As the EEF points out, the Toolkit does not provide a “quick fix”, it consists of a digest of large amounts of research. However, effective use of the Toolkit depends upon teachers’ professional knowledge of the context in which they are working, the selection of an appropriate strategy, and then the application of that strategy in a systematic manner.

The Toolkit makes available to teachers evidence in a very usable form, evidence which until now has often been confined to the academic journals and reports, written predominantly for a different readership.

Monitoring the effect of interventions

Teachers need to be able to determine the effect of any change in their practice. In this case, Ofsted will expect to see the impact that the initiatives, funded by the Pupil Premium, have had on attainment.

One way in which this can be measured is through teacher assessment, but standardised tests also have a role in providing objective data.

Again, the EEF has provided useful guidance for teachers with its publication of the criteria used to determine the appropriateness of tests used in evaluations (see further information).

In order to measure the impact, teachers need a “before and after measure”, or a pre- and post-test.

Teachers are often fond of specific tests with which they have become familiar. This can have some positive aspects: they may well know how performance on a particular test relates to pupils’ ability to access the curriculum, or be confident about scoring the test reliably. These elements are often, however, outweighed by the disadvantages associated with the use of outdated or otherwise unsuitable tests.

It is important that a test has had a recent standardisation so that the results reflect the attainment of pupils who have experienced a similar curriculum. It is usually, but not invariably, the case that a recent standardisation reflects a recently constructed test. This is important as it relates to the issue of validity – for example, children may be able to read the word “milkman”, but perhaps these days not all children can be expected to know to what it refers.

Another consideration in the selection of an appropriate test is the nature of the standardisation. All standardisations are based on analysing the performance of a sample of pupils on the particular test.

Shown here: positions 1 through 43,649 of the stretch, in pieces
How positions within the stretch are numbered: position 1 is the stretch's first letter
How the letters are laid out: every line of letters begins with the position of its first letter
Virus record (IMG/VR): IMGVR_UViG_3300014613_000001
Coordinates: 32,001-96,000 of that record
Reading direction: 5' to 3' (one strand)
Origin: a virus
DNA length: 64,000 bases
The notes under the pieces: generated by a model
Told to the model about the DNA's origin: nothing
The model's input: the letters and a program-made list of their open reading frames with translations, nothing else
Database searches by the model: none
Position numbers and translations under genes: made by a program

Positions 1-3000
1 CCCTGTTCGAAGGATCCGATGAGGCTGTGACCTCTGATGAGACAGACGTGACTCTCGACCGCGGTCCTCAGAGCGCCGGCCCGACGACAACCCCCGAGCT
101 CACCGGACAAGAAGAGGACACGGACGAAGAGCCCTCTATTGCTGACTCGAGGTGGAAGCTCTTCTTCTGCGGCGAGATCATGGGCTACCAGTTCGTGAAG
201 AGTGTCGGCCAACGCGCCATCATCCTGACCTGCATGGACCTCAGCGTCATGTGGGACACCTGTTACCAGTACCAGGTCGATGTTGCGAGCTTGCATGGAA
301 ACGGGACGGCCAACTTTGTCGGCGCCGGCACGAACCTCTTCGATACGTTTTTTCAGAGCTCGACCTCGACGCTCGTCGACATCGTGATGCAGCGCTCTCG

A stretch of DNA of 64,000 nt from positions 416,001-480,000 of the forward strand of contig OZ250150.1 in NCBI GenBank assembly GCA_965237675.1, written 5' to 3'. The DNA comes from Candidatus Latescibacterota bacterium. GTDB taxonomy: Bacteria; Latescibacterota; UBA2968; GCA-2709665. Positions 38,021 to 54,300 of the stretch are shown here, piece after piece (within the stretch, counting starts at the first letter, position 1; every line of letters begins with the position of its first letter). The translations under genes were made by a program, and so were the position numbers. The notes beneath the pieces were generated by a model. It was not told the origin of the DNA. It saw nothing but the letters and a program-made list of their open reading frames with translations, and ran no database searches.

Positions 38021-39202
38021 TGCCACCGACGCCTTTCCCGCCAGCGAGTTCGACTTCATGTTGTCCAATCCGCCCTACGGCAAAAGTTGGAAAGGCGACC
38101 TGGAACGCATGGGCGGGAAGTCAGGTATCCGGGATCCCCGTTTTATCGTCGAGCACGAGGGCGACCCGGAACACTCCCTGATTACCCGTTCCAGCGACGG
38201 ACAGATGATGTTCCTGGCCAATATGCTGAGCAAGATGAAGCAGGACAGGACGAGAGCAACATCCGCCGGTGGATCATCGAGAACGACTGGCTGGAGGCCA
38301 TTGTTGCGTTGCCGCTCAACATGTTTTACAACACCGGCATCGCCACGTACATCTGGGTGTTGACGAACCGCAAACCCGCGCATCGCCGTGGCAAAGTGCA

This sample needs to be sufficiently large to be representative of the population that the test is to be used with. Robust standardisations rely on stratified samples, i.e. the various features that can distinguish schools (such as school size, or the proportion of pupils eligible for free school meals) are represented in the sample of schools in the same proportions as across the whole population of schools.

This information should be available in technical information from the test developers. Samples involving small numbers of pupils, or schools which cluster in a geographical area for example, are unlikely to be nationally representative.

Finally, teachers should interpret test scores with regard to the published confidence intervals. These allow for measurement error: tests can only sample the particular area of learning which they assess and that therefore the score a pupil achieves may vary within a few points of his or her “true score”.

A confidence band of 90 per cent, for example, indicates that teachers can have 90 per cent certainty that the true score lies within the confidence band. When the scores of two pupils are compared, if the confidence bands overlap, the difference between the scores is not significant.

Through the use of suitably standardised tests, teachers will have the evidence to determine which practices, policies and interventions are effective in their own contexts. This will be invaluable to inform future practice, including the use of the Pupil Premium.

• Liz Twist is the head of the Centre for Assessment at the National Foundation for Educational Research.

Further information
• For more information on NFER’s Standardised Tests, visit
• To access the EEF’s Toolkit, go to
• Download the EEF’s Testing Criteria at
• To download a free PDF of all the NFER Research Insights articles, tackling issues such as assessment, parental engagement and creativity, click here.